Hyperpigmentation And How To Tackle It
Hyperpigmentation or excessive pigmentation of the skin is the third most common dermatologic struggle that people from all around the world deal with everyday. Many of those who suffer from this ailment think once it has happened, there is nothing to do with it. Is that so? Let’s examine what causes hyperpigmentation, how to approach it smartly and when to expect the positive results.
First things first, what is hyperpigmentation?
Simply put, hyperpigmentation is an excess of the pigment melanin in our skin cells. Melanin is produced via a multi - step pathway in cells called melanocytes. Afterwards, it is spread across the higher layers of the skin in melanosomes - vesicles in which it stays, giving our skin its colour and tone. Hyperpigmentation happens when melanocytes are overactive and produce too much melanin; hence there is more pigment stored in our skin than usual - and it’s visible with the naked eye.
When does hyperpigmentation occur?
Excessive pigmentation of the skin happens for many various reasons - it can take place because of a genetic predisposition, in excessive sun exposure, as a defensive response to inflammation or as a reaction to hormonal changes. In all of these conditions melanocytes are stimulated to release more melanin. It’s important to note that melanocytes number does not anyhow increase - that’s why the treatments mostly target the melanin synthesis pathway.
Can hyperpigmentation go away on its own?
Yes, we can happily confirm that it can, however only to some degree. What’s an another fantastic information is that it applies to every case of hyperpigmentation - to a smaller or greater extent every discoloration will fade away by itself. Nonetheless, there are ways to help our natural healing mechanisms to do their job quicker and better.
What medical solutions are there available?
It is always advisable to go to your dermatologist so they can choose the most tailored regimen especially for you. In their office, they can also prescribe you solutions in higher concentrations or even oral drugs in severe cases. Either way, let’s view what substances are on the market:
If you have ever searched the term “hyperpigmentation” up, this name shall be no news to you. By many, it is considered the golden standard of hyperpigmentation therapy. Same as all of the other compounds mentioned in this article, it targets melanin synthesis. Outside the doctor’s office it is available over the counter in smaller 2 - 4% concentrations. Nevertheless, with regular use, it isn’t rare that it causes multiple side effects - the most common one is ochronosis (a grey - bluish coloration of the skin); the rest are irritation, nail pigmentation, loss of elasticity of the skin, impaired wound healing and exuding bad fish odour. What’s a plus though is that it can be safely used together in a combined therapy with retinoids and steroids.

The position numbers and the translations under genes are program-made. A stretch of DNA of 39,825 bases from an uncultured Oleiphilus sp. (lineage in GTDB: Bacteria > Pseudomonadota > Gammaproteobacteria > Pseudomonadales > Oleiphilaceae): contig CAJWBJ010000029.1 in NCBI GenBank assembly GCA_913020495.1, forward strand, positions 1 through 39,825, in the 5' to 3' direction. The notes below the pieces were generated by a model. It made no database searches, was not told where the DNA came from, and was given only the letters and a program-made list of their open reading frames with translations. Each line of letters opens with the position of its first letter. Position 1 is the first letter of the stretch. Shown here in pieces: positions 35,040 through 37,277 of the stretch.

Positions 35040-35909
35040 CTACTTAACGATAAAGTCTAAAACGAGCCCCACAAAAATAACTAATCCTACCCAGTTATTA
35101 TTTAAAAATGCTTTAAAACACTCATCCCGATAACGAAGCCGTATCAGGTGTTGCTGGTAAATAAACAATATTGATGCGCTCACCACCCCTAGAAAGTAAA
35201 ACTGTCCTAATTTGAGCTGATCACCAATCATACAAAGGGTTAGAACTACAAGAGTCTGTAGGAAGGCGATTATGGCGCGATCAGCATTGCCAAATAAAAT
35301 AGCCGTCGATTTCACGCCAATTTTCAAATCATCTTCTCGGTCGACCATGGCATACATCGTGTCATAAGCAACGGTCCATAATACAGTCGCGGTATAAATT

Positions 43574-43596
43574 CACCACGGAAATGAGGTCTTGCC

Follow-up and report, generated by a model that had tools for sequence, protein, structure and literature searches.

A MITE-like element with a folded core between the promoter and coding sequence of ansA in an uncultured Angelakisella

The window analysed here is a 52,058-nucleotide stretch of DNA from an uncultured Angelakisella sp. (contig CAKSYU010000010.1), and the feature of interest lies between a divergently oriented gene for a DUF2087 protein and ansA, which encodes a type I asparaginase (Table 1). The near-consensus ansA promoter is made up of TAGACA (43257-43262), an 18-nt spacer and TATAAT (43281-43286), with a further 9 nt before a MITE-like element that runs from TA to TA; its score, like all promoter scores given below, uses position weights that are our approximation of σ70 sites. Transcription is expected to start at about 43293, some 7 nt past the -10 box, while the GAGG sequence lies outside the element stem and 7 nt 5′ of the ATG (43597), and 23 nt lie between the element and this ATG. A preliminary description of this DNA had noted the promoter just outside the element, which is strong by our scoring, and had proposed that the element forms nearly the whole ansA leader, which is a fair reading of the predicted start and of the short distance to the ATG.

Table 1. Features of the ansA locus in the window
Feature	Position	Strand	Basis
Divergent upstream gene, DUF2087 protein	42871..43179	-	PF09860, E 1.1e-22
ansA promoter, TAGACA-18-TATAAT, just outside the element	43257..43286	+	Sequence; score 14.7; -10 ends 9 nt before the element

Besides aiming at melanin synthesis, they also promote quicker skin cells turnover so the skin is visibly brighter. Furthermore, their effects are present for the longest period of time in comparison with other agents - from months to years (what is luckily applicable for the most cases). Yet, in most patients (around 80%) retinoids do cause temporary skin reddening, irritation and excessive peeling which subside after the treatment is done.
- azelaic acid
It can be commonly found in many medical ointments. Additionally, it is an effective antioxidant and it’s antibacterial. At the same time though it is not that strong so it should be used only in mild to moderate cases of hyperpigmentation.
For what cosmetic ingredients should I look for?
- vitamin C
Vitamin C is a truly effective ingredient if not the most effective from all of them out there. Look for concentrated (21%) pure vitamin C serums and your skin will thank you for it. There are no side effects except for very rare cases!
- vitamin E (tocopherol)
The strongest antioxidant known so far. During melanin synthesis, there are many oxidized substances being formed - vitamin E prevents it, same for the above mentioned vitamin C.
- other antioxidants: mulberry extract, liquorice, arbutin found in berries
It’s an active form of vitamin B3 - niacin. Vitamin B3 naturally cares for healthy skin cells turnover and brightens the skin. Nevertheless, after some time with regular use, it reaches a plateau stage.
No matter what method you choose, don’t forget to use suncreen!
With the highest UVA and UVB filter possible all year round. Sun rays are everything but good to hyperpigmentation - they stimulate melanin production and promote the oxidation of various compounds. Using a good suncreen prevents hyperpigmentation, cares for that it doesn’t come back and helps an already existing one heal faster.
How long will it take before I see the results?
As said before, it depends on what actions you’ve taken up to fight hyperpigmentation. The complete skin cell turnover lasts around 26 - 28 days so you should see somehow if the chosen method works for you by then. You should see more significant results though starting from 4 months and longer, reaching even years. Don’t ever get discouraged, there are many cases where people have successfully tackled their hyperpigmentation after a seemingly neverending battle!